Showing posts with label migration. Show all posts
Showing posts with label migration. Show all posts

Wednesday, August 21, 2019

50 Years of Migration Waves

This morning while reading a National Geographic article about animal migrations in national parks I stumbled onto a related feature titled Migration Waves. Migration Waves is a series of graphs depicted the movement of humans between countries between the years 1967 and 2017.

The graphs on Migration Waves are grouped according to four factors that prompted migration. Those four factors are labor markets, political policies, political instability, and poverty. Each graph in the Migration Waves series has a caption that explains some of the conditions leading to migration.

Applications for Education
My first thought when viewing Migration Waves was to use it as a prompt for students to further investigate the causes of migration during the 50 years covered in the graphs. Then I thought some more about it and decided that a more challenging assignment would be for students to look at a couple of data sets then create their own similar migration waves graphs.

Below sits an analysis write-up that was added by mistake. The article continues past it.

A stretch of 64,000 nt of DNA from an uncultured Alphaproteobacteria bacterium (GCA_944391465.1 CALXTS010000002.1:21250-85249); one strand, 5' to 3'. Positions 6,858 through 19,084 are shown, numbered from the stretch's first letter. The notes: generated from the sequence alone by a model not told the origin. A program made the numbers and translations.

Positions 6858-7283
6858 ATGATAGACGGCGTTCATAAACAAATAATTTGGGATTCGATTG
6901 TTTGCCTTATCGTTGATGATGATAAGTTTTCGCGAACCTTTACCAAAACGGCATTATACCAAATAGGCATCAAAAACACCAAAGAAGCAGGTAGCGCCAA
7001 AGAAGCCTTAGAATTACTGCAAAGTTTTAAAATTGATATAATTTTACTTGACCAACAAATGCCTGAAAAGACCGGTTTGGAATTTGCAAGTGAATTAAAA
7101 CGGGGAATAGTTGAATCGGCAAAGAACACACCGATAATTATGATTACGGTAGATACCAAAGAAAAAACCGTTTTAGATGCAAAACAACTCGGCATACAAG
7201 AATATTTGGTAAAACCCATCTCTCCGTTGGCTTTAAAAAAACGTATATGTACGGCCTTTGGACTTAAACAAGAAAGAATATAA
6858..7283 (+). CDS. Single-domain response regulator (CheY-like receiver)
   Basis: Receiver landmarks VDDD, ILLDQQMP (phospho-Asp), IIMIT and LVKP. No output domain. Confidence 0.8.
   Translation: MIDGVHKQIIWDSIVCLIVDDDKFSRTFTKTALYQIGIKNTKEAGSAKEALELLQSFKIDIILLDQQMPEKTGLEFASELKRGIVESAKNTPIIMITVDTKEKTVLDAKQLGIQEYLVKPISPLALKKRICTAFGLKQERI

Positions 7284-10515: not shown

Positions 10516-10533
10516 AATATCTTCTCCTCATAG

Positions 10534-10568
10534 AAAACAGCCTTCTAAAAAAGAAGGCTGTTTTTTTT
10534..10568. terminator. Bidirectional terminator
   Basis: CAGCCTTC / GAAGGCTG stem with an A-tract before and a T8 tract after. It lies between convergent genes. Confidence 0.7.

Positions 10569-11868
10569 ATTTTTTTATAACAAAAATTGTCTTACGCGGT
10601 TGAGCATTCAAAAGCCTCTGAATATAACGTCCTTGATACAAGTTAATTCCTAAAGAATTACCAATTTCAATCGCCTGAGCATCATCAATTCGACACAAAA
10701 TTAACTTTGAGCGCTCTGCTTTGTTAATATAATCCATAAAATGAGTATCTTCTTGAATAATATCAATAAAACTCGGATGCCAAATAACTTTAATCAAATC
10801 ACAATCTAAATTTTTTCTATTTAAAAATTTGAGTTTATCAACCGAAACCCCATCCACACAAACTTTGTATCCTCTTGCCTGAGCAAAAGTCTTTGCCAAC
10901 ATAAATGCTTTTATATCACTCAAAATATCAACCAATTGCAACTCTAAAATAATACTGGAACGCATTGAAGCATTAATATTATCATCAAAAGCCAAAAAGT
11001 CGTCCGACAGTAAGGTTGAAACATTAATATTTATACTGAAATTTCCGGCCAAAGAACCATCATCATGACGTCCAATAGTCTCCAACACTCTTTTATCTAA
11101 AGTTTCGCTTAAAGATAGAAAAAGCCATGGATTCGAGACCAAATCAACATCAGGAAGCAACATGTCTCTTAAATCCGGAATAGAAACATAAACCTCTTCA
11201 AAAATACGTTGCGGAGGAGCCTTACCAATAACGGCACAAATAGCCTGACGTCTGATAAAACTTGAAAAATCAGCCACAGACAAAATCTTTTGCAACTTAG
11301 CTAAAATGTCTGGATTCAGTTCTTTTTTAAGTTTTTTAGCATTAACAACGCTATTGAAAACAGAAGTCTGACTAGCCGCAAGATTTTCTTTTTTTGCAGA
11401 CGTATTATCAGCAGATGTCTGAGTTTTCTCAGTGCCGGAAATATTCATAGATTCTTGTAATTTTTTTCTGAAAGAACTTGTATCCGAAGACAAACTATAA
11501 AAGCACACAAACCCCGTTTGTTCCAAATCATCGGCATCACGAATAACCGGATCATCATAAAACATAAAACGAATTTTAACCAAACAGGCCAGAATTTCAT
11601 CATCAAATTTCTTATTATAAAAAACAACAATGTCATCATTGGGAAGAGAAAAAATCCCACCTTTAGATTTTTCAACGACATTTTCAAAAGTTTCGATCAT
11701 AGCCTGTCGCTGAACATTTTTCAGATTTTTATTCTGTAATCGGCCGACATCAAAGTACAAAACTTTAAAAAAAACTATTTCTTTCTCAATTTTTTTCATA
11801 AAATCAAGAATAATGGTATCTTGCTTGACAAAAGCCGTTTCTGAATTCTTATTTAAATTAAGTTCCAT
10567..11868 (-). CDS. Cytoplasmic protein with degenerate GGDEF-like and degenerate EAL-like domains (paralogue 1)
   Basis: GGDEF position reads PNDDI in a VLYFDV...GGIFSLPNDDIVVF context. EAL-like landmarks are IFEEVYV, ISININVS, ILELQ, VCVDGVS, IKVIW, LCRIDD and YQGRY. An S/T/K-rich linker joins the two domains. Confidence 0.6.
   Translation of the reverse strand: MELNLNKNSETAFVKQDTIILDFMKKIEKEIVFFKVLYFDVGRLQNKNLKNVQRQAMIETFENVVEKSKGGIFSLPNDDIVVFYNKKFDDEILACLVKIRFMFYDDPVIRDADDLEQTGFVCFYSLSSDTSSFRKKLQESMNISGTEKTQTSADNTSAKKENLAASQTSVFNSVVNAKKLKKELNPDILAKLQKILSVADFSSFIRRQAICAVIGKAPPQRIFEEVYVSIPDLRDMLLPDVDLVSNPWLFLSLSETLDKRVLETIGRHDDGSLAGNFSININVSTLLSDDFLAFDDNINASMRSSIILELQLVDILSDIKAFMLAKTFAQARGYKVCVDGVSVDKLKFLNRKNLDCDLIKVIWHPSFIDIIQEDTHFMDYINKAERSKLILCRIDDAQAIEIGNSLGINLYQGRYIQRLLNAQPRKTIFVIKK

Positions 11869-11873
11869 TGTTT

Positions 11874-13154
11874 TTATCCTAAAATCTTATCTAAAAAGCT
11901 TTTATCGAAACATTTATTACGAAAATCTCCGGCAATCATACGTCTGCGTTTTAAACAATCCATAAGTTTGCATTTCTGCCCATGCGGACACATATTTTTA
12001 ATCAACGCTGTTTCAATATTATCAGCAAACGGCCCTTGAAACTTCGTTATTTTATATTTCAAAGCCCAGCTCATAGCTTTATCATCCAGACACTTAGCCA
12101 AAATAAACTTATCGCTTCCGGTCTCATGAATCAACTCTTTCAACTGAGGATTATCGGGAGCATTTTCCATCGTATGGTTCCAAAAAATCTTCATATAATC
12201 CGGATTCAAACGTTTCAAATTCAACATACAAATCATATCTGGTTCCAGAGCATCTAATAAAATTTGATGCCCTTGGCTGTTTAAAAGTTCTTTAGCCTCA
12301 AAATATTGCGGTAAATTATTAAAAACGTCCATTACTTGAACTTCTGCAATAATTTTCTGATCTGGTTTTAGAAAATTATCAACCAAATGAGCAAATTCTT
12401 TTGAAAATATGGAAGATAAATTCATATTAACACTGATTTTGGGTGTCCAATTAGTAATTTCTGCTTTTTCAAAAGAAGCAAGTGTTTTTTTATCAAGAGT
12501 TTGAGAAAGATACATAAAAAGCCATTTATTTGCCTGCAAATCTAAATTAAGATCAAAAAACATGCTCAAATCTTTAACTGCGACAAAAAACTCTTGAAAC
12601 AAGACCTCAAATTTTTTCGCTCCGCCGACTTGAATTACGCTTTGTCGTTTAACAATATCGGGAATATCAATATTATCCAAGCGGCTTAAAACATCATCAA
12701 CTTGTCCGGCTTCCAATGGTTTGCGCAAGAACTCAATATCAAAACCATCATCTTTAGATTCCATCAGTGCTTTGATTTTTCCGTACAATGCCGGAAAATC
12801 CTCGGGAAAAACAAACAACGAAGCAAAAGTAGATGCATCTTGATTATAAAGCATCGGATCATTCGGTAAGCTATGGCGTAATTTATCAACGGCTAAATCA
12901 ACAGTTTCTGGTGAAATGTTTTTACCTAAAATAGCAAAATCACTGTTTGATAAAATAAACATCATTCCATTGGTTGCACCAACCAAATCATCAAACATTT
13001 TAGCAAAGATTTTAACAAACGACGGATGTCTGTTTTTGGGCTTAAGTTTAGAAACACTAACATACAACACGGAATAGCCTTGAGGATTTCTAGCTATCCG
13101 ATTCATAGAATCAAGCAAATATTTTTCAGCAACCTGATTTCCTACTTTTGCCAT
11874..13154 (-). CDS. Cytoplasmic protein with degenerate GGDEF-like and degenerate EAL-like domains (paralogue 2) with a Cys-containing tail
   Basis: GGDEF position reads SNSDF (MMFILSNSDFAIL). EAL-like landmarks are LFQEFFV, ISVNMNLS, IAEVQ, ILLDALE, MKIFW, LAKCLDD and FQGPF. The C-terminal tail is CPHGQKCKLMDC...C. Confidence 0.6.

To find some a couple of data sets for students to use to generate their own migration waves graphs I turned to Google's Dataset Search. It was through Google's Dataset Search that I found this GDP by state and region spreadsheet (you'll have to create a free Data.World account to access) and found the Census Bureau's Population Distribution and Change document (PDF).

Google Dataset Search tool is still in beta. Earlier this year I published the following a short video about it.


If you would like to learn more about advanced search tools and strategies, join me tomorrow for Search Strategies Students Need to Know Now.

Tuesday, December 24, 2013

Learn About Reindeer With This Collection of Media

BBC Nature has a collection of video clips, images, and articles about reindeer (or caribou). In the collection you can learn about how caribou have adapted to their cold environments, their range, and how they differ between continents. You'll also be able to learn about how some caribou have been semi-domesticated and herded by humans.


Unfortunately, not all BBC media is available for viewing in all regions of the world.